Mike the Mad Biologist

Archives for July, 2010

Links 7/31/10

It’s nice outside, but if you’re stuck inside, here are some links for you. Science: ‘Friendly bacteria’ in pregnancy may prevent eczema in childhood Drug discovery in academia and NIH, a new type of U01 Fleming Painted With Bacteria Other: A crime story College Students Hide Hunger, Homelessness HOW TO WRITE YOUR OWN MEGAN McARDLE…

I had been considering, over the weekend to write a navel gazing post about The State of ScienceBlogs and Its Relationship to the Mad Biologist. And then Virginia Heffernan of the NY Times wrote a quote picking article about ScienceBlogs, thereby screwing up my weekend blogging (so much stupid, so little Mad Biologist). At the…

Maryn McKenna makes a critical, yet neglected point about the recent whooping cough (pertussis) outbreaks that have been hitting California–one that emphasizes that vaccination not only protects the vaccinated, but everyone else: Between a day job as Scary Disease Girl and a childhood spent moving between continents, I am pretty much the most vaccinated person…

In his weekend roundup, driftglass reminds us that there was a time when our mainstream pop culture villified torture and praised those who attempted to resist it: And then Fox TV’s Torture Porn Show, also known as 24, made torturing fashionable. Strength was to be had in torturing people, not in resisting it. At this…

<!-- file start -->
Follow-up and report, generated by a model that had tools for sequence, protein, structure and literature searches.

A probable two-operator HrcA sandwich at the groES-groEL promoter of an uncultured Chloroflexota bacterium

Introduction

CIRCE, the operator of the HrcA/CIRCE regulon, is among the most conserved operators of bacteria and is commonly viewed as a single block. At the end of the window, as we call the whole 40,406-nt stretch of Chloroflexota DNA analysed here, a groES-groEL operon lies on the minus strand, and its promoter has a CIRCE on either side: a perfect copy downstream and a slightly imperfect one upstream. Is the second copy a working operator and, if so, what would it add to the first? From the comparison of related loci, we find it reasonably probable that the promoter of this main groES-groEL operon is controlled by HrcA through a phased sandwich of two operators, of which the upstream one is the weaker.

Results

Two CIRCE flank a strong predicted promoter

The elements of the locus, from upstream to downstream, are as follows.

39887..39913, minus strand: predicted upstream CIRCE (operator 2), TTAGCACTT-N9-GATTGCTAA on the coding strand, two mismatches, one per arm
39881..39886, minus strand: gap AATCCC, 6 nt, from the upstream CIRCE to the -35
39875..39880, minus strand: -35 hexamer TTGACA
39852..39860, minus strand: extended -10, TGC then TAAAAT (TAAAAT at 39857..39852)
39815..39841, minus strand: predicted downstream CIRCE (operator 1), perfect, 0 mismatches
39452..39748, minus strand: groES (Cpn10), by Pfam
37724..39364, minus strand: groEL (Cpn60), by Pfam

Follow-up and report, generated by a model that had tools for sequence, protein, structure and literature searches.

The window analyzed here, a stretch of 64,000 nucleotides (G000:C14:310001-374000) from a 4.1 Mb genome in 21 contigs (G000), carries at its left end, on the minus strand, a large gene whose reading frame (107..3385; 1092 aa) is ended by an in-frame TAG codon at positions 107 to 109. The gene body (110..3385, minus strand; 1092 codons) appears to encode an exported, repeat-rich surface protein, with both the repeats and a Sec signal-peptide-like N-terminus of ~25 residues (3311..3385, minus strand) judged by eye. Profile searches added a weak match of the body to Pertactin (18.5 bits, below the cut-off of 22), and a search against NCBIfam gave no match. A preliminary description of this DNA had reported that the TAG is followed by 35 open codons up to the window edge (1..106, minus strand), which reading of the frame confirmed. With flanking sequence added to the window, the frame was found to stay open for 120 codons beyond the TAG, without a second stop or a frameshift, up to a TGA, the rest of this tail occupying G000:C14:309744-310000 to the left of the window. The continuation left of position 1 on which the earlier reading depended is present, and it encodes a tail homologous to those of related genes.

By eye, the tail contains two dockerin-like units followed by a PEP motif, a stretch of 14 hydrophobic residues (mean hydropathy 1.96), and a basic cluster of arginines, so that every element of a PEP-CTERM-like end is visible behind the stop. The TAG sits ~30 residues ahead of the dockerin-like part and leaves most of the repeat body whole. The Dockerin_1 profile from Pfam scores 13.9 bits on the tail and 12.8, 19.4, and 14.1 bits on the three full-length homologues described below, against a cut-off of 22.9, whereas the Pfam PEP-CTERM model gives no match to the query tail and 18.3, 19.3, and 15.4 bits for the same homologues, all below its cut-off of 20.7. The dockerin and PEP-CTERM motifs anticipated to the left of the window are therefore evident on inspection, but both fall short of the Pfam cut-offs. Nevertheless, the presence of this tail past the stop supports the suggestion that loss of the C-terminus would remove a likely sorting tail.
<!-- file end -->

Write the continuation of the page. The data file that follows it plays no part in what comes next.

Links 7/29/10

Some Thursday links for you. Science: The familiar Matamata, known to us all since the 1700s, and its long, fat neck (matamatas part II) Sunday Protist – Farming forams: a case of protistan agriculture The Pepsi Challenge: A controversy at ScienceBlogs raises questions about whether “institutional” blogs have editorial integrity Other: Defining Lynching Down. Liberalism…

Since I’ve been writing a lot about education, I have some brief thoughts about the NY Times report by David Leonhardt about some findings from Tennessee’s Project STAR which tracked the long-term outcomes about a randomization trial of kindergartners (slides from a presentation are available as a pdf): Just as in other studies, the Tennessee…

Yesterday, I described the relationship between low-income and poor performance in English and math in Massachusetts (see the post for methodological details). Well, I’ve saved the worst for last–science education: Just to remind everyone, the horizontal axis is the percentage of children in a school who qualify for free lunch, and the vertical axis is…

Links 7/28/10

Some Wednesday links for you. Science: It’s more than genes, it’s networks and systems Unsafe at Any Meal It’s My Genome and I’ll Do What I Wanna Other: License plate of the week The 5 Signs You’re Talking To A Social Media Douchebag. The Art of the Deal as Entertainment Gall ‘WE WILL REGRET IT’….…

Or, for that matter, jumping into the water with financial sharks under any circumstances. The NY Times has an article about the ongoing legal trials of David H. Brooks, the chief executive and chairman of a body-armor company. The article primarily focuses on what a loathsome piece of shit Brooks is: not only did he…

Poverty and Learning in Massachusetts

I’ve described before how there is a significant correlation between poverty and educational performance when we use state-level data. But as I pointed out, one of the interesting things is that the residual–the difference between the expected scores for a given state and the actual scores–can be quite large for some states (e.g., Massachusetts does…